Halabi exercises rescue plan for Esporta

Simon Halabi, a Syrian-born property investor whose Halabi family trust’s £2.5bn (US$5bn) London portfolio includes a one-third stake in the Shard of Glass building, is reportedly planning to buy back Esporta, the gym chain he bought from private equity firm Duke Street Capital last November and whose holding companies went into administration in August of this year.

According to reports over the weekend, Halabi is currently putting together a consortium comprising Société Générale, the bank which ploughed £330m into a £460m buyout of the gym chain, and unnamed specialist mezzanine funds.

The Sunday Times said that Halabi had already held talks with investors, but these had broken down due to lack of contact with Grant Thornton, the accountancy firm running Esporta since Halabi’s holding companies Bell I and Bell II went into administration, and because the mezzanine funds wanted a higher rate of interest than Halabi was wiling to pay.

The Times said that a buyback would involve an equity injection from Halabi, a quasi-equity tranche from mezzanine funds in the form of debt, while Société Générale would keep its investment but write off some of the debt. The report added that it was unclear whether Halabi would pay back a £70m vendor loan from Duke Street Capital and the same from Société Générale incurred in the original buyout. It is unclear how the £70m from Société Générale relates to its £330m loan and previous reports suggest that Duke Street only provided a £30m vendor loan to Halabi.

Duke Street Capital has repeatedly declined to comment on Esporta. The London-based private equity firm bought an 80% stake in Berkshire-based Esporta for £144m in July 2002, merging it several months later with Invicta Leisure, a £140m purchase. The firm carried out two refinancings – of £155m and £306.2m respectively – before selling it to Halabi in November 2006. Halabi reported faced off against at least 10 other bidders in the auction and is understood to have paid at least £25m more than the nearest rival offer.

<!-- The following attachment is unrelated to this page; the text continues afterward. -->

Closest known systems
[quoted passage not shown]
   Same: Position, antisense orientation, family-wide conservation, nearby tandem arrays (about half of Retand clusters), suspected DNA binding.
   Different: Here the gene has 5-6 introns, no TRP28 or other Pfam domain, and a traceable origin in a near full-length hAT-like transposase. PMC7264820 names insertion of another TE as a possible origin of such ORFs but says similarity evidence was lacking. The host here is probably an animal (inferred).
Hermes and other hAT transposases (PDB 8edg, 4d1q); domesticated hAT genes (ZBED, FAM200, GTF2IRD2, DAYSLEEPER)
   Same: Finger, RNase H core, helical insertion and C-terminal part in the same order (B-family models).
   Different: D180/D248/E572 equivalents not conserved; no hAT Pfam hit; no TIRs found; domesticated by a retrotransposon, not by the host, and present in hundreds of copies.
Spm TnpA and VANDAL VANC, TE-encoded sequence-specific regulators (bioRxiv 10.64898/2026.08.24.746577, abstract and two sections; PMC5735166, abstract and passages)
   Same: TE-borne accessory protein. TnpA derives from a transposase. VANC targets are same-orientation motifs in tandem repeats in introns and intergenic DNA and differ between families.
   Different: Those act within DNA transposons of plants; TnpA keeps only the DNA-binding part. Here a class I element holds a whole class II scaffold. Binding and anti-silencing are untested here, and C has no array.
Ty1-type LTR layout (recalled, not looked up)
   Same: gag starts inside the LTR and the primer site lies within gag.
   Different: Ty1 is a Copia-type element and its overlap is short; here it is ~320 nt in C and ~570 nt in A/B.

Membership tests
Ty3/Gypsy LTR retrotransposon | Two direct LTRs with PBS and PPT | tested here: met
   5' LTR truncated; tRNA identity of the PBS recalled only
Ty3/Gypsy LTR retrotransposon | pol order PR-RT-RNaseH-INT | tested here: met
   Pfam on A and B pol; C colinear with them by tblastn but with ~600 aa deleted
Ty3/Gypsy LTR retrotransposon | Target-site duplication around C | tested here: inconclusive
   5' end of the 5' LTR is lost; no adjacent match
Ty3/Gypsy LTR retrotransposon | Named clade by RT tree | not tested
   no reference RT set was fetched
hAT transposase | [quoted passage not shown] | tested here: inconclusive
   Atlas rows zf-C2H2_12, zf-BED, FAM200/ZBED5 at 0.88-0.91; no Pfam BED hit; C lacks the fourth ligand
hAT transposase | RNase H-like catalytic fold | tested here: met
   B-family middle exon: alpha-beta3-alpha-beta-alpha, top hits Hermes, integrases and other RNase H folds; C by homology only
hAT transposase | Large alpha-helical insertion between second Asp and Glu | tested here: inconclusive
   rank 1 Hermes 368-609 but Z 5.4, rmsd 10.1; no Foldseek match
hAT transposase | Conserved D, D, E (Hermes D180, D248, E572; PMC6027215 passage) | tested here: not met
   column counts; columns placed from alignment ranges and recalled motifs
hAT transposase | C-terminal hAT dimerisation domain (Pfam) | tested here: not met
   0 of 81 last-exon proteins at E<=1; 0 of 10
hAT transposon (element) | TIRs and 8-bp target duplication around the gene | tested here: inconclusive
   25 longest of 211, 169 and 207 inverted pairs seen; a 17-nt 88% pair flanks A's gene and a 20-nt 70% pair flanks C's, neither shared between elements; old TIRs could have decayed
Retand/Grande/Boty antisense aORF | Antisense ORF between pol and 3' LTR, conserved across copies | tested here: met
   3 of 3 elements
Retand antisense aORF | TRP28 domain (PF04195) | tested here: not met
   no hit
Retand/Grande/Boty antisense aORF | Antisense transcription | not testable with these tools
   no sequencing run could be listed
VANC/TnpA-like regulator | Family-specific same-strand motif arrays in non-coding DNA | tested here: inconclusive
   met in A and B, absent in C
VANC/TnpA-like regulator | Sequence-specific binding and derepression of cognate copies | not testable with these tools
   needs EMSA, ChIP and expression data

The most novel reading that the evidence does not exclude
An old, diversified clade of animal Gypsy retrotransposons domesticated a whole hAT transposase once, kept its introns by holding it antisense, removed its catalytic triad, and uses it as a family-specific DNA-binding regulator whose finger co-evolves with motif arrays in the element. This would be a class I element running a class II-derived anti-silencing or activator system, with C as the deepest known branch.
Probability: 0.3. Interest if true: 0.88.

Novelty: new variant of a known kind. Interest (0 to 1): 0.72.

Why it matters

The gym sector has attracted plenty of interest from both private equity and trade buyers despite the sector experiencing significant problems. Two weeks ago, Royal Bank of Scotland and PPM Capital, the private equity arm of Prudential currently in the process of spinning out from its insurance giant parent, sold Cannons to Nuffield Hospitals, a charitable organisation that runs hospitals, diagnostic services and employee health schemes, for £170m.

A Hawkpoint-run sale lasted for more than a year and, despite initial speculation of a £300m price-tag dropping to as low as £70m earlier this year, the higher figure would still have been a significant loss on the £360m RBS and PPM Capital paid for Cannons in 2001.

LA Fitness was one of those expected to put in a bid for Cannons. The health club operator was acquired by London and New York-based MidOceanPartners for approximately £150m in 2005. The year before that, Legal & General Ventures acquired Total Fitness for £80m, 12 months after Permira and Bridgepoint kicked off private equity’s run on the sector with a £210m public-to-private of Holmes Places. The same year, Cinven purchased Fitness First for £204m.

Holmes Places was largely sold off in two parts in 2005 and 2006: the Holmes Place Iberia arm was sold to Spanish mid-market firms Mercapital and Nmas1 and Portugal’s Explorer Investments for €110m before Virgin Active purchased the UK arm in a deal that valued the enlarged group at £650m. Bridgepoint and Permira kept stakes of approximately 15%, while also retaining majority interests in Holmes Place’s European business, which includes clubs in Germany, Switzerland and Austria.

Property investor London & Regional has also been an acquirer of gym assets: in May 2006 it bought Next Generation Clubs for £197.5 with financing from Bank of Scotland Integrated Finance; in May 2007, it purchased David Lloyd Leisure for £925m. The business then went on to merge the two assets.

As city executives consider shedding the pounds on the treadmills after a Christmas blowout, some of their peers will be re-examining the prudence or otherwise of bulking up on gym chain assets as part of their New Year resolutions.

By Robert Venes